But Joe was not to be denied, and he pummeled the champ in a violent onslaught, surviving all Stylesâ€™ high-impact offense and imposing his will on the smaller champion. Once again, the Coquina Clutch led Joe to victory; he squeezed Styles into unconsciousness and left with the X Division title in tow, and once again, he went too far and attacked a defenseless Styles after the final bell.
This prompted the return of Christopher Daniels, who had seen and felt enough of Joeâ€™s disrespectful, arrogant, aggressive assault on the X Division. Daniels was not â€œmedically cleared for actionâ€, but he couldnâ€™t stand by any longer as Joe ruined the spirit of the division that Daniels reigned over longer than any other man had at that point.
Once month later at Final Resolution in January of 2006, the Fallen Angel had an opportunity to ascend to the heavens once again, as he faced Joe in a grudge match in which the drama practically wrote itself. Joe disrespected everything Daniels and his brothers-in-arms stood for and then took him out of action via a vicious attack; clearly Daniels wanted to strike back at the dominant champion. This was paint-by-numbers booking that didnâ€™t fail to satisfy.
Daniels was not 100 percent recovered from his concussion, and as a reminder, Joe draped a bloody towel over his shoulder before coming to the ring. The blood staining the towel was Danielsâ€™ own, from the last encounter he had against his one-time partner. As Daniels endured violent strikes, kicks, throws and slams, a very concerned AJ Styles came down to ringside and watched on, worried about the long-term health of his respected compatriot. Styles saw enough of the unconscious Fallen Angel being brutalized at the hands of the merciless champion, and threw in the towel on Danielsâ€™ behalf, ending the match and stopping the carnage but spoiling what little hope Daniels had of regaining his crown and exacting his revenge on Samoa Joe.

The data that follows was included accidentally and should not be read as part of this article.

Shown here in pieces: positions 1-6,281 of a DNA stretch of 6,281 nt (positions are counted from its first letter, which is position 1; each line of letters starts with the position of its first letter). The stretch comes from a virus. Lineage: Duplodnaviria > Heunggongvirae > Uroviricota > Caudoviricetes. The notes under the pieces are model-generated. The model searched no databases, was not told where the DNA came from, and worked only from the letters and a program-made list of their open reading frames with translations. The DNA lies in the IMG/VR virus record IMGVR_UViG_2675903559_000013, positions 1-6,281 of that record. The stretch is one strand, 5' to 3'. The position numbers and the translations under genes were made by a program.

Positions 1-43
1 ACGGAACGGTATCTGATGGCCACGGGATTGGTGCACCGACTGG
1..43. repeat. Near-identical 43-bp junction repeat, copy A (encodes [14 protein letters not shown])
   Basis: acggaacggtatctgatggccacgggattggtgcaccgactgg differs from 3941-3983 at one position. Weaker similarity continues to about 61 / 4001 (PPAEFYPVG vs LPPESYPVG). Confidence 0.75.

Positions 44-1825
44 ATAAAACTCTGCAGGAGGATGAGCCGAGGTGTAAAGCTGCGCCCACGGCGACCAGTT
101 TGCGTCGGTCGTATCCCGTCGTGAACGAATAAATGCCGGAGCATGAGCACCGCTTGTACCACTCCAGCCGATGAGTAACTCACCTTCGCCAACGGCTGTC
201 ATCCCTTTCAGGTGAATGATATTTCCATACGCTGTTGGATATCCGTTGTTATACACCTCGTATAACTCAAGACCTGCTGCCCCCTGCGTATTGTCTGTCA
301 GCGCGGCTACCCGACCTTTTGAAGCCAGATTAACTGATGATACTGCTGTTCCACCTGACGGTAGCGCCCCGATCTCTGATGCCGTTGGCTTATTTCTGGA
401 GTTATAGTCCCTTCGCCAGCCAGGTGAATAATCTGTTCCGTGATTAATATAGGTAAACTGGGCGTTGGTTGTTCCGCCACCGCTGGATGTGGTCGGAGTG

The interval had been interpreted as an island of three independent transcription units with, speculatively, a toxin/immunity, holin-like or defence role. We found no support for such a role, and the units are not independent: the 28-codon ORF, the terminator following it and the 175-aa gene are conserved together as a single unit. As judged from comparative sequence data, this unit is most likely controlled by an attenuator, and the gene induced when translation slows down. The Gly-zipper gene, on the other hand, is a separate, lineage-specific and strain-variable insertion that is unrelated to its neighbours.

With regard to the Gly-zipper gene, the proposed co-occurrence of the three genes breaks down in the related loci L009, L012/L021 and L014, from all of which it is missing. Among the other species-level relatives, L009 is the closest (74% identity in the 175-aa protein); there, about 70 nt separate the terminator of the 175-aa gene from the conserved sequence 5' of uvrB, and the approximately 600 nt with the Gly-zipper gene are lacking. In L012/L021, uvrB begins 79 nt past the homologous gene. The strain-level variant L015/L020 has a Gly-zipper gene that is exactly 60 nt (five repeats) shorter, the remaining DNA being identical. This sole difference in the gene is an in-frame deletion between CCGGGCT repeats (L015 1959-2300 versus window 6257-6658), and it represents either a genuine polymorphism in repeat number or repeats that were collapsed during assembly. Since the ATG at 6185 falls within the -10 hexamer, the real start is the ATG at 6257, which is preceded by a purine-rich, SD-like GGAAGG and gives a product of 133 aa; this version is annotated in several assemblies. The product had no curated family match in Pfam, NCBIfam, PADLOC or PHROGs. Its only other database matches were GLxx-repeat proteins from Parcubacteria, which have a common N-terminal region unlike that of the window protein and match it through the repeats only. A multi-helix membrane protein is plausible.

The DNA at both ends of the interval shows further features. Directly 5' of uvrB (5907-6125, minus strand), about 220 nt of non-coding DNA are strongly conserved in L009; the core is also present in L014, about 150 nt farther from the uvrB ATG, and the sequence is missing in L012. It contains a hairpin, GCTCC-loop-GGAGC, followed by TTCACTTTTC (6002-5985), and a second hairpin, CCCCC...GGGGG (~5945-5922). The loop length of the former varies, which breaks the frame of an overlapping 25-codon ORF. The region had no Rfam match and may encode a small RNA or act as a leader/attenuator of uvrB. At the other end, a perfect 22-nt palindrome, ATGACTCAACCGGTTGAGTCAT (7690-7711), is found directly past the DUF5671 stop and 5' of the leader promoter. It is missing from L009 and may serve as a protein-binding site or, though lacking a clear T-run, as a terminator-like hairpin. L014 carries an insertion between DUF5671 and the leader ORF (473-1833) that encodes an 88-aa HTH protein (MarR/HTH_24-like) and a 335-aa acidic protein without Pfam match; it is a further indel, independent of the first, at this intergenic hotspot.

All this led to a second three-way match between these men now locked in a war of attrition, which Joe seemed to be dominating every step of the way. At Against All Odds in February, the rematch from five months earlier was another amazing chapter in this epic saga. Styles, Daniels and Joe once again laid it all on the line and left it all in the ring. Joe emerged victorious, drilling AJ with the Muscle-Buster for the pinfall and the win. The question was now, â€œWhatâ€™s it going to take to get the X Division title away from Samoa Joe?â€ and the answer was, â€œUltimate Xâ€.